Pioneer Human Services runs a number of programs in Spokane: Re-entry programs with transitional housing
. The Carlyle Care Center
. But one thing they don't have in Spokane: immigrant children separated from their families.
"We don’t have any youth programs in Spokane," says Harold Wright, director of Youth and Young Adult Services for Pioneer Human Services.
That's despite a USA Today
graphic published last week
that set local activists abuzz. A map compiled from "federal contracting records, local news reports and the limited information being released by federal agencies" purported to show that Spokane was one of the communities housing children who'd been separated from their immigrant parents by the the Trump
administration's "zero tolerance policy."
With little to go on other than that it was a "facility run by Pioneer Human Services," activists
tried to gather as much information as they could.
One possible reason there may have been confusion on USA Today
's part? Pioneer Human Services does
have a 23-bed facility for unaccompanied immigrant minors at Selma Carson Home, in Fife, Washington, in the Tacoma suburbs.
Wright says they've been operating the facility since about 2003.
"We have unaccompanied youth who are
about 16 years old," Wright says. But at Selma Carson Home, Wright says, the goal is to try to reunite
unaccompanied minors with their families, or at least find them stable, supportive foster families.
"We're trying to reunify
them with their families or a healthy adult," Wright says. "We’re trying to provide support around mental health. Substance abuse. Jobs skills. English."
A recent Tacoma News Tribune
a Seattle-based attorney who claimed that at least one immigrant child separated from their parents had been sent to Selma Carson, but Pioneer Human Services said that was inaccurate. They have kids that crossed the border on their own, but not separated from their parents because of the Trump policy.
"We checked all of the files of our clients and with confidence
I can say that up to this point we have not served any youth who have been separated from their parents at the border in the U.S.," Art Tel, Selma Carson's director of programming, told the News Tribune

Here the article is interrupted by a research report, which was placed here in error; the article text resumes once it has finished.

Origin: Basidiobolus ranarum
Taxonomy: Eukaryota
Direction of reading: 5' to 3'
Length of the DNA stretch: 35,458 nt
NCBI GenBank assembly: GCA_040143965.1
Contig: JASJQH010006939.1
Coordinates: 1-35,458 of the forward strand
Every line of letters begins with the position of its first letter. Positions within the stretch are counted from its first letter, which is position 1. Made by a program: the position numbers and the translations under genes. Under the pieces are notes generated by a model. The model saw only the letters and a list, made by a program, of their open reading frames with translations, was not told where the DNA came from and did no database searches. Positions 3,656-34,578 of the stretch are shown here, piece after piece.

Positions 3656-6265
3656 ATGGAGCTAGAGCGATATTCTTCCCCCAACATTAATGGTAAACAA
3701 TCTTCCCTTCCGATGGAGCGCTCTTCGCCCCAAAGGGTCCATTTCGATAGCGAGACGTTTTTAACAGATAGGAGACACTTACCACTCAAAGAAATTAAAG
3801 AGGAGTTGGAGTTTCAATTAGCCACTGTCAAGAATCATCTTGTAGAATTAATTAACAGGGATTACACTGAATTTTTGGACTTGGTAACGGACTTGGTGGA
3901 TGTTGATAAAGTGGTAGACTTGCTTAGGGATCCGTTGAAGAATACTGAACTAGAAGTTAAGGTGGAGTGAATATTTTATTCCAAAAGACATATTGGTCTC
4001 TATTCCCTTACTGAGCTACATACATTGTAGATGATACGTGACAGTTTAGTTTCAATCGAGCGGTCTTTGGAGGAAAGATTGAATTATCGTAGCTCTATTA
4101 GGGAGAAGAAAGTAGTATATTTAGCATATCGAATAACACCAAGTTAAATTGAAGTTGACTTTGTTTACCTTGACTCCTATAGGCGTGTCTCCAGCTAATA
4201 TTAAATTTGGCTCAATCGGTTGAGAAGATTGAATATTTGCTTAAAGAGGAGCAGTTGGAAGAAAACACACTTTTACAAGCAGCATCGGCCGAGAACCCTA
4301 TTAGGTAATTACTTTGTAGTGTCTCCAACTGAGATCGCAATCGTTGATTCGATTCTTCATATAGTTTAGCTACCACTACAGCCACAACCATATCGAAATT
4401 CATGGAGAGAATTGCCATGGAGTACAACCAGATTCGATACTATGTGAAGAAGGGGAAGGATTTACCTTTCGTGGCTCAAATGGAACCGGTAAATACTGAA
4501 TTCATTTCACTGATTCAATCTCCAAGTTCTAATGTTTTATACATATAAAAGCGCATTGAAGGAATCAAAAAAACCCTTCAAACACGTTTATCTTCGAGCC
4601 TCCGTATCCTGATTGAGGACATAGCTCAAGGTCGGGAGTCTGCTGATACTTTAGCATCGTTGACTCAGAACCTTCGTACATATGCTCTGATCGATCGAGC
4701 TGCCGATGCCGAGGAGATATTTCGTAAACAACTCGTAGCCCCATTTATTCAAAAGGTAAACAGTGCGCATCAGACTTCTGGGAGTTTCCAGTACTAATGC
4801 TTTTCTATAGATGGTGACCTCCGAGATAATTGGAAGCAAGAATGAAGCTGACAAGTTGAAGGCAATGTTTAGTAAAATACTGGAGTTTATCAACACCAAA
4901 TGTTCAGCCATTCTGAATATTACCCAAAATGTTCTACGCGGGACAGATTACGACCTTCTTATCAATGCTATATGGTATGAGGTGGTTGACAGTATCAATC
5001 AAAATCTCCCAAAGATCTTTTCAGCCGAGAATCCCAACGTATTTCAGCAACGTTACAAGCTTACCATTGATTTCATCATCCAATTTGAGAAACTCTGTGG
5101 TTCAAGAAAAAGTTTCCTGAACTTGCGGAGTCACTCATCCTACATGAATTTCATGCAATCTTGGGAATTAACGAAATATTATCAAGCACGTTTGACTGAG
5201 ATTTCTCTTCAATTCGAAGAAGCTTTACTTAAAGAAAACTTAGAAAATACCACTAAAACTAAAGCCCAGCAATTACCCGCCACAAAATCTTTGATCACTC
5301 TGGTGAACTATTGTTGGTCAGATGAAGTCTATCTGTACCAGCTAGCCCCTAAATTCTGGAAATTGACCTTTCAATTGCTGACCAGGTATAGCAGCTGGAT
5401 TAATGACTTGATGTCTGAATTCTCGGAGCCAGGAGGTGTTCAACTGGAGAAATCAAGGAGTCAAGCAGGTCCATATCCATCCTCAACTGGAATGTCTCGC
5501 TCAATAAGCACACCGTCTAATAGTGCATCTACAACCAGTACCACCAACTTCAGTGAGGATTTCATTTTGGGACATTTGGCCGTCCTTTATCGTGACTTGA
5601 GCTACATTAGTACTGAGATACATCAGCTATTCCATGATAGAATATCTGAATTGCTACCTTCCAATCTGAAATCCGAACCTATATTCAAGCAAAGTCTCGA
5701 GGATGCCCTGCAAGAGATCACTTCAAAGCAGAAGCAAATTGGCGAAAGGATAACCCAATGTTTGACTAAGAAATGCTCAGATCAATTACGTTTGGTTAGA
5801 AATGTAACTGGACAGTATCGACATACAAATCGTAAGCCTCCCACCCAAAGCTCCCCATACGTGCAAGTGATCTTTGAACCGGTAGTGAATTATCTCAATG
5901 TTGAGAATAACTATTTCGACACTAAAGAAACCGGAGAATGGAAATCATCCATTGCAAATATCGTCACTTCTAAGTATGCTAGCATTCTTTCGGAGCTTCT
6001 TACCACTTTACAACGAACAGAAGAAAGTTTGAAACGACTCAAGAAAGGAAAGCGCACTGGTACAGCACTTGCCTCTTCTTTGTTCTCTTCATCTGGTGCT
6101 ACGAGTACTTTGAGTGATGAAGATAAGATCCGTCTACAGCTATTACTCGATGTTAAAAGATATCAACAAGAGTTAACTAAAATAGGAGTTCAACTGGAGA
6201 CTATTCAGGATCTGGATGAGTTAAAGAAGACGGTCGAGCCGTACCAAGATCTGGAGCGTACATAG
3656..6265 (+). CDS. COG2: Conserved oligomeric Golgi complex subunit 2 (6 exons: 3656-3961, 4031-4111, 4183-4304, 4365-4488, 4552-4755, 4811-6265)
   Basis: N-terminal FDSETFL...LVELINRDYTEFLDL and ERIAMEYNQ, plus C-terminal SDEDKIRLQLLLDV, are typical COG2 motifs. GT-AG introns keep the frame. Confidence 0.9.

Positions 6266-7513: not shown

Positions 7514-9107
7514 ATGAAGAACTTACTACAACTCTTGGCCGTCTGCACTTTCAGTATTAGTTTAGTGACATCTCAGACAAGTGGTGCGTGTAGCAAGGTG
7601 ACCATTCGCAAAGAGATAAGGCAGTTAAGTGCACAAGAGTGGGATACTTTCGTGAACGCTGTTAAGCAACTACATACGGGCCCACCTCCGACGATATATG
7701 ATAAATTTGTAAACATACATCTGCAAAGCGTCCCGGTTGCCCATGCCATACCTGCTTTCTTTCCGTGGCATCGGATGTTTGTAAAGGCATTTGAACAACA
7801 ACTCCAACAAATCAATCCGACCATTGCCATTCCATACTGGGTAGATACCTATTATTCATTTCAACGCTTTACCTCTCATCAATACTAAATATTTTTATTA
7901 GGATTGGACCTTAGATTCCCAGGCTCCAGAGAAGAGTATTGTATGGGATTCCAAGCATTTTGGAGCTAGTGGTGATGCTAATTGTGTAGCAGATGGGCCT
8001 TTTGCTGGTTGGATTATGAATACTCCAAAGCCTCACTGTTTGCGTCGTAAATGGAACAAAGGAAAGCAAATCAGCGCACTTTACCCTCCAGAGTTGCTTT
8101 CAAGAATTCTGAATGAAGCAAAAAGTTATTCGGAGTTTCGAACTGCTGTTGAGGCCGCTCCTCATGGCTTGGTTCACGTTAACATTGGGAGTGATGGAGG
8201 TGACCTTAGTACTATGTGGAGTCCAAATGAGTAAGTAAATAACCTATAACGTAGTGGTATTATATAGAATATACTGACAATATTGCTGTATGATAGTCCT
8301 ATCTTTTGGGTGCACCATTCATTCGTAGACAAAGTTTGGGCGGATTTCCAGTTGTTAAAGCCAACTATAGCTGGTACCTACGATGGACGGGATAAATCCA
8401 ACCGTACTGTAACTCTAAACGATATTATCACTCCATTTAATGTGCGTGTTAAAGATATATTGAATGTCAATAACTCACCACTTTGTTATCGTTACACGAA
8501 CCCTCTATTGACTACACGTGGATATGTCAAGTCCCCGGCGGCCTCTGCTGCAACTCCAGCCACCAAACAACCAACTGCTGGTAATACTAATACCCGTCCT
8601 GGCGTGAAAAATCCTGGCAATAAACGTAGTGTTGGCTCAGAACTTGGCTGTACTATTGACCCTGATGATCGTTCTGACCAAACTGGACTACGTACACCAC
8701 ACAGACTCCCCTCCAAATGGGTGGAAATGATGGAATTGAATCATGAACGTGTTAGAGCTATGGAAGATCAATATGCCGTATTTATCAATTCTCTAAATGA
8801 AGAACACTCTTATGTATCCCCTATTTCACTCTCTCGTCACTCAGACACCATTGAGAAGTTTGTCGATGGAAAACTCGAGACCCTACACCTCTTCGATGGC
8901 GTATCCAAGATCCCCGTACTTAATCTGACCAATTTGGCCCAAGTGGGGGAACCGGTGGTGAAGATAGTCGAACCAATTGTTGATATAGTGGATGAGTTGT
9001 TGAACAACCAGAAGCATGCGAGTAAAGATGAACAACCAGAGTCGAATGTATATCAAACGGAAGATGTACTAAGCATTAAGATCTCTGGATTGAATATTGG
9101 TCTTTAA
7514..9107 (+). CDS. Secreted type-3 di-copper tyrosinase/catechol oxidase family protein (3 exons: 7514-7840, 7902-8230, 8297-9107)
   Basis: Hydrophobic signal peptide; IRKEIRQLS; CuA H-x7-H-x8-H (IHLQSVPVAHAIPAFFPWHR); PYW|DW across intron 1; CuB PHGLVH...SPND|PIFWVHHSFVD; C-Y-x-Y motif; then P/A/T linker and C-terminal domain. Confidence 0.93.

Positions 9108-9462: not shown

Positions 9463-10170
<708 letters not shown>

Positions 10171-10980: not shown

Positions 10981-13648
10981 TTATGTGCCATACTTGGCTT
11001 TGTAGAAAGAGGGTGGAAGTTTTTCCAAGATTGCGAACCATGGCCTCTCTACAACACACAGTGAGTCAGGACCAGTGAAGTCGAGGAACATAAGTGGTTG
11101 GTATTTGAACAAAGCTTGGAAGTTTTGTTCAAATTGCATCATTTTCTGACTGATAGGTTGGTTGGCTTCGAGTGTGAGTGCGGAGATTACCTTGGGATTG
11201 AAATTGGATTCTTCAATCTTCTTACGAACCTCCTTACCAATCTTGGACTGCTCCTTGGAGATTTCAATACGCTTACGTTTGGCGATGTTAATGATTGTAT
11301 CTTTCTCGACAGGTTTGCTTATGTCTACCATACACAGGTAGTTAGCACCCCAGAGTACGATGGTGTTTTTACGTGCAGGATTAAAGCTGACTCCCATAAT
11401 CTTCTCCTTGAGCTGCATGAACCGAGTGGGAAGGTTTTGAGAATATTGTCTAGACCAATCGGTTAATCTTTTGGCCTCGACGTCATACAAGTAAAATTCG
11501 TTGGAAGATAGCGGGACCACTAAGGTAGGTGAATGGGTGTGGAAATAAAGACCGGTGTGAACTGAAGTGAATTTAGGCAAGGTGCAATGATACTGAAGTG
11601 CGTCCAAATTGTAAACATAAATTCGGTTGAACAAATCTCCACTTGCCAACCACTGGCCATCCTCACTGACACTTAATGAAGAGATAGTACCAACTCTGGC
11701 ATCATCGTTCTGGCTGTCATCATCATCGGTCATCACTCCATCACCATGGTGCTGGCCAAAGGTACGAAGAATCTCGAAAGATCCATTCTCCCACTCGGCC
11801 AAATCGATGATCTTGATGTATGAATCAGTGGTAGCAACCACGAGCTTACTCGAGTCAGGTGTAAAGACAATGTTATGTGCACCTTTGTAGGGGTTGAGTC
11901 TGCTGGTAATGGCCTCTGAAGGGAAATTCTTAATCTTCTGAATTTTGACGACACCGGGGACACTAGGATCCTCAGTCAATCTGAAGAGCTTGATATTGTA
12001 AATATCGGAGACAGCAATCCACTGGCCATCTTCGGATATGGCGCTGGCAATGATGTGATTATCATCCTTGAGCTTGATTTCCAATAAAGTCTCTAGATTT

. "Clearly all of the youth we serve are separated from their families in their country of origin by choice, force or out of desperation. Also, their detainment in the U.S. is a separation — but the youth we serve have not been taken from their parents here."
This weekend, some local activists suspected that the facility in Spokane referred to by USA Today
was Martin Hall Juvenile Facility, a detention center in Medical Lake. Some even drove out to the area to try to see if Martin Hall — or the nearby shuttered Pine Lodge Correctional Facility
— was a location undocumented children were being held.
But that's not the case with either facility. The former Pine Lodge site is owned by the Department of Social and Human Services. It's the site for Consolidated Support Services, a DSHS office that provides maintenance support for a variety of local DSHS sites.
"No undocumented children are housed there," DSHS spokeswoman Mindy Chambers says.
Meanwhile, Robert Palmquist, a juvenile detention facility administrator at Martin Hall, shoots down the idea that Martin Hall holds any separated immigrant children.
“No we don’t,” Palmquist says, “And I’m glad.”
Nine local counties currently contract with Martin Hall for juvenile detention services. It isn't operated by Pioneer Human Services — it's operated by a nonprofit corporation called Community, Counseling and Correctional Services based in Butte, Montana.
Palmquist says Martin Hall used to take in unaccompanied immigrant minors under a contract with the United States Immigration and Naturalization Service. But that contract ended, and he says Martin Hall has “not been in that business” since before the Obama administration.
did not immediately reply to an email from the Inlander
asking why the publication had claimed a Spokane facility operated by Pioneer Health Services was housing children separated from their families.